Do you KNOW he suffers? Do you understand your partner, your equal, is in pain? He may be asking you for your help, as his partner, in a real lovebusting way...hear both...figure out how your love bank is busted and by whom (I robbed myself blind and blamed my DH), and share what you find out...and ACKNOWLEDGE his stuff...as his.

No making...read Ears_Open's thread...put a hopper on your head.

Hey, it works. \:D

Get clear on the difference between beliefs and feelings...one generates the other...you do it one way, you live backwards (I feel therefore I believe); you choose to act from your beliefs, then the feelings follow. Forwards.

He doesn't "feel" you are causing the failure of the marriage...that's his thoughts right now. Listen and repeat...confirm or clarify what you heard. That's practicing respect and not taking in his stuff as yours...and discerning a feeling from a belief. Lots of great stuff...

The argument doesn't escalate...either you escalate or he does...usually takes both. Stop and ask yourself, "Am I crossing my own boundaries? Am I acting from love and respect right now, or in retaliation, defense, fear or anger?"

Check yourself...not because you will change him...because you're betraying yourself, your code, what you really want.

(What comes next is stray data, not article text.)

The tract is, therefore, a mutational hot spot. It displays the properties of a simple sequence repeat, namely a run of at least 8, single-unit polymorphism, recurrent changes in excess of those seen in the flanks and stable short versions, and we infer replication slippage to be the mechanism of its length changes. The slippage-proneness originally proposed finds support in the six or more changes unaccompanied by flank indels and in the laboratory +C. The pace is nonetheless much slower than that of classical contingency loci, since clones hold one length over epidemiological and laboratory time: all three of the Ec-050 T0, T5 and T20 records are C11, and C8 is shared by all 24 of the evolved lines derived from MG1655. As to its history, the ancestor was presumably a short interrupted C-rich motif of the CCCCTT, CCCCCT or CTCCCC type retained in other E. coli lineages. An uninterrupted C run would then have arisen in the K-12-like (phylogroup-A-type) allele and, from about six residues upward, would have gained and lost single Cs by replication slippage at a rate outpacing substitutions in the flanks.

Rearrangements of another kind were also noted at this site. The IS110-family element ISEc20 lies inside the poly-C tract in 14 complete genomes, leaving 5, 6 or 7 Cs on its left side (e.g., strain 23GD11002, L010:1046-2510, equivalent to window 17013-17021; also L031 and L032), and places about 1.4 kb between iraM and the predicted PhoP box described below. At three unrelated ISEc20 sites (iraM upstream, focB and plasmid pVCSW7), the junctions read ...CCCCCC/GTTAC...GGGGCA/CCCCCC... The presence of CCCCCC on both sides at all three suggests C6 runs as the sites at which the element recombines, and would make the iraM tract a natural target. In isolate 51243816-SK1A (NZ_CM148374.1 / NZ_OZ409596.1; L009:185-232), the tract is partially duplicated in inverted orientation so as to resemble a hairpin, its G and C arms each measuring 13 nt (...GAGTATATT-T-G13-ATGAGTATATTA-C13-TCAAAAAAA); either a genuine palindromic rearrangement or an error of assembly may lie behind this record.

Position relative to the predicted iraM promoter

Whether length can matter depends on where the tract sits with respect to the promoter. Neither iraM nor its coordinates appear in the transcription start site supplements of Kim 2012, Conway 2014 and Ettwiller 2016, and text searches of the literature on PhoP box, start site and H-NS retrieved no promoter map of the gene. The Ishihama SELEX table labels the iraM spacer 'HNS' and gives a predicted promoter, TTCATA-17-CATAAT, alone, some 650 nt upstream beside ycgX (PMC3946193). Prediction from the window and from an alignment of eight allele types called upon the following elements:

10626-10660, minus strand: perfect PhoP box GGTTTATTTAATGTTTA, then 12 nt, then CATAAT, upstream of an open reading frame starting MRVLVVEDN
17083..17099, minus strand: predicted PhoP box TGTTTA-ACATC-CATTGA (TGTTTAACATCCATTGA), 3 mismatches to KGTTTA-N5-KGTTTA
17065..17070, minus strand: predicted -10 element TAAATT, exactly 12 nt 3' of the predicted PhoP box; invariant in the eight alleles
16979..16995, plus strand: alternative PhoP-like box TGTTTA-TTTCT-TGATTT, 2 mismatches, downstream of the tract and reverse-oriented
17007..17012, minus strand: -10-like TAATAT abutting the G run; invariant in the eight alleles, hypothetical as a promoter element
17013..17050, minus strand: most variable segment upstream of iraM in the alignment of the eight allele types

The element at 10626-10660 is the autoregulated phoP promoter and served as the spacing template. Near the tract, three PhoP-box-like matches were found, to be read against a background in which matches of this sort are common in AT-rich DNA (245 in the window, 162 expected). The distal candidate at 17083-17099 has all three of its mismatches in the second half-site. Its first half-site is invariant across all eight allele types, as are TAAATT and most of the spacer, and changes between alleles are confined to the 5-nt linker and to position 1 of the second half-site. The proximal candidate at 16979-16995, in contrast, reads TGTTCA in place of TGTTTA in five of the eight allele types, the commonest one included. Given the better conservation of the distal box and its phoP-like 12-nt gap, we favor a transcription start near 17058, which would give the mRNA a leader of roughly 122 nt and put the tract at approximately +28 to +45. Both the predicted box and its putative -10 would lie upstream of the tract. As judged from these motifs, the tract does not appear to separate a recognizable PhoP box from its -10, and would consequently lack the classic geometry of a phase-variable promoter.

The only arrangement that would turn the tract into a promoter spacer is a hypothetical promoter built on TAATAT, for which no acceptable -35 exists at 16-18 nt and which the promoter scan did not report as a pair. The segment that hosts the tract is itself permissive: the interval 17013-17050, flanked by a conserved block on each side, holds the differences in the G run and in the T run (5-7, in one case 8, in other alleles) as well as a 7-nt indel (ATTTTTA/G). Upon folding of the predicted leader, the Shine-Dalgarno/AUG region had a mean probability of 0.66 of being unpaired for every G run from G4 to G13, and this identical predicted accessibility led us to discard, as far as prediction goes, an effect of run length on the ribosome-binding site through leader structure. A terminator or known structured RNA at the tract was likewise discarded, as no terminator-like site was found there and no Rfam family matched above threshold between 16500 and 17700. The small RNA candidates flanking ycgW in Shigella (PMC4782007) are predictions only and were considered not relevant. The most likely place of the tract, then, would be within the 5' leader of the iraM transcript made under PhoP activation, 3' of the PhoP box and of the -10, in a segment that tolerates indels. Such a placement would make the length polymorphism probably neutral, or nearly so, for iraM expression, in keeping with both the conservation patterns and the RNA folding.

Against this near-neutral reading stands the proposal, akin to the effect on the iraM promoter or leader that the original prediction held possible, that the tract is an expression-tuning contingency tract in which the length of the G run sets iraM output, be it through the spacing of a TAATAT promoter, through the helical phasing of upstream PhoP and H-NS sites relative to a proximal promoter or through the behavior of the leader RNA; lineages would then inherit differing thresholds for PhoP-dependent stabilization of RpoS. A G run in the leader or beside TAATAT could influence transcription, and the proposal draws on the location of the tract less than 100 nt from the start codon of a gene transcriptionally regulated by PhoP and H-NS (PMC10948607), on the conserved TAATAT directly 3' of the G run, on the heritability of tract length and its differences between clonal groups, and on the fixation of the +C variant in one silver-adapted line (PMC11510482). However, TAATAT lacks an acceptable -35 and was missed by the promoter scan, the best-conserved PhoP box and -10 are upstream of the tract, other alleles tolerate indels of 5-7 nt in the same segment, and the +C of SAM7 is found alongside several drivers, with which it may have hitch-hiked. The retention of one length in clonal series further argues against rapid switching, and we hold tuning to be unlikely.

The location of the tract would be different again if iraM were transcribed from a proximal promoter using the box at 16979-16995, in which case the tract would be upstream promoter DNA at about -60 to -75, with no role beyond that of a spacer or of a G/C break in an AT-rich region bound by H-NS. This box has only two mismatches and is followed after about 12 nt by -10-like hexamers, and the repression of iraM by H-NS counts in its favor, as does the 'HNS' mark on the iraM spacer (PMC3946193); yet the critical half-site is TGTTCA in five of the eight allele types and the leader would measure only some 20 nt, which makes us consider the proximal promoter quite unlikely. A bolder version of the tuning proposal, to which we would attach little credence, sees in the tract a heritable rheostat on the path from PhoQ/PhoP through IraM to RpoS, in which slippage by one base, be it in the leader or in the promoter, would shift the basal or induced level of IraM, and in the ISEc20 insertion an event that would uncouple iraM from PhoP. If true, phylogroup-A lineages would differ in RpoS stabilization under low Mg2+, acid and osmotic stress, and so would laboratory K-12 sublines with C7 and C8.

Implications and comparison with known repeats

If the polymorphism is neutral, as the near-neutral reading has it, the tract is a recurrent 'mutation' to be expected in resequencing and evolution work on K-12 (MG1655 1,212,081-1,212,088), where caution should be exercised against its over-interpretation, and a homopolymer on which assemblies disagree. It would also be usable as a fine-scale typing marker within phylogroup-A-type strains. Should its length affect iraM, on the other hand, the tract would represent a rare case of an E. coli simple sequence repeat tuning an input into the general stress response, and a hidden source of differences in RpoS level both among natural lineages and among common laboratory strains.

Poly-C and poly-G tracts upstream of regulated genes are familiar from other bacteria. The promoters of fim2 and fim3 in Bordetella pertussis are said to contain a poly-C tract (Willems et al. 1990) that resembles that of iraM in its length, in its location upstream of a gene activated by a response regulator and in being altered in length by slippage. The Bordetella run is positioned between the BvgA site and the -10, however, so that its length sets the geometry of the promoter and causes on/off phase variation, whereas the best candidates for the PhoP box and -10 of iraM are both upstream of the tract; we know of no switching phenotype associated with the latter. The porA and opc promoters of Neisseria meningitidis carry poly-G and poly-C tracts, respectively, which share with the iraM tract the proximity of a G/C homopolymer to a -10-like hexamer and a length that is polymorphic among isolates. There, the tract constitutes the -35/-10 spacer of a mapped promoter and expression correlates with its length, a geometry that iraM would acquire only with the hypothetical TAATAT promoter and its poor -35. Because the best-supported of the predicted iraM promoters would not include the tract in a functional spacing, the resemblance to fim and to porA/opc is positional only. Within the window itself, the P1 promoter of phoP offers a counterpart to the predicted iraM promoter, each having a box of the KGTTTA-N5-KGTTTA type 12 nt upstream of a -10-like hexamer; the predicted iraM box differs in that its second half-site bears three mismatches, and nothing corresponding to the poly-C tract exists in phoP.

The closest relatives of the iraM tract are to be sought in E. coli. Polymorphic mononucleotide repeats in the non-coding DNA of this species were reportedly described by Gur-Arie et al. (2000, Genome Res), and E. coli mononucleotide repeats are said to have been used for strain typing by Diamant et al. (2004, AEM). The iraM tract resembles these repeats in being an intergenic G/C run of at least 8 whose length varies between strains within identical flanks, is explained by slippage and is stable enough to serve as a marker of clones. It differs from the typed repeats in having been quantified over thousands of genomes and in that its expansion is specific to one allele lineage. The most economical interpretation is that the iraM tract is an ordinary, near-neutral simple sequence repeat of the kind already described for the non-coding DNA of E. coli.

At times, you'll want to hurt back, stop him from hurting you more...so you'll hurt him more...and we do escalate...because he is desperately trying to hurt you to stop hurting him.

That dance. Sometimes you can stop and reach out, saying, "I'm taking your hands in mine right now, and looking in your eyes, right now, even though I want to hurt you instead of touch you. I know I love you deeply and truly and I'm reacting, not acting to that knowledge right now."

And you hold, nonverbally, and then the feelings follow. New feelings. Changed dance. "This is not what I want. I want you for my partner, and to partner you. I choose you."

Learn what you don't say, where you choose to react, and share what you learn about yourself. Here are my buttons--he already knows them.

And consider, you may very well be hearing a lot of projection...he may be in an affair himself...so be in reality, do your verifying, it's your responsibility.

Strive first to understand, then be understood. Primary building block or human communication. Do not assume you heard correctly...you both have filters...focus on restating and handing back...intimacy is knowing and being known. Not judging, controlling, stopping, igniting, making...those are the fantasies we are taught.

We feel. We think. We believe. We perceive. We view. We feel.

We happen.

\:\)

LA

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I do not put work above my marriage. I'm the breadwinner, so there are some sacrificies, short work trips being one of them, that go along with that, but I carefully balance and put my family first.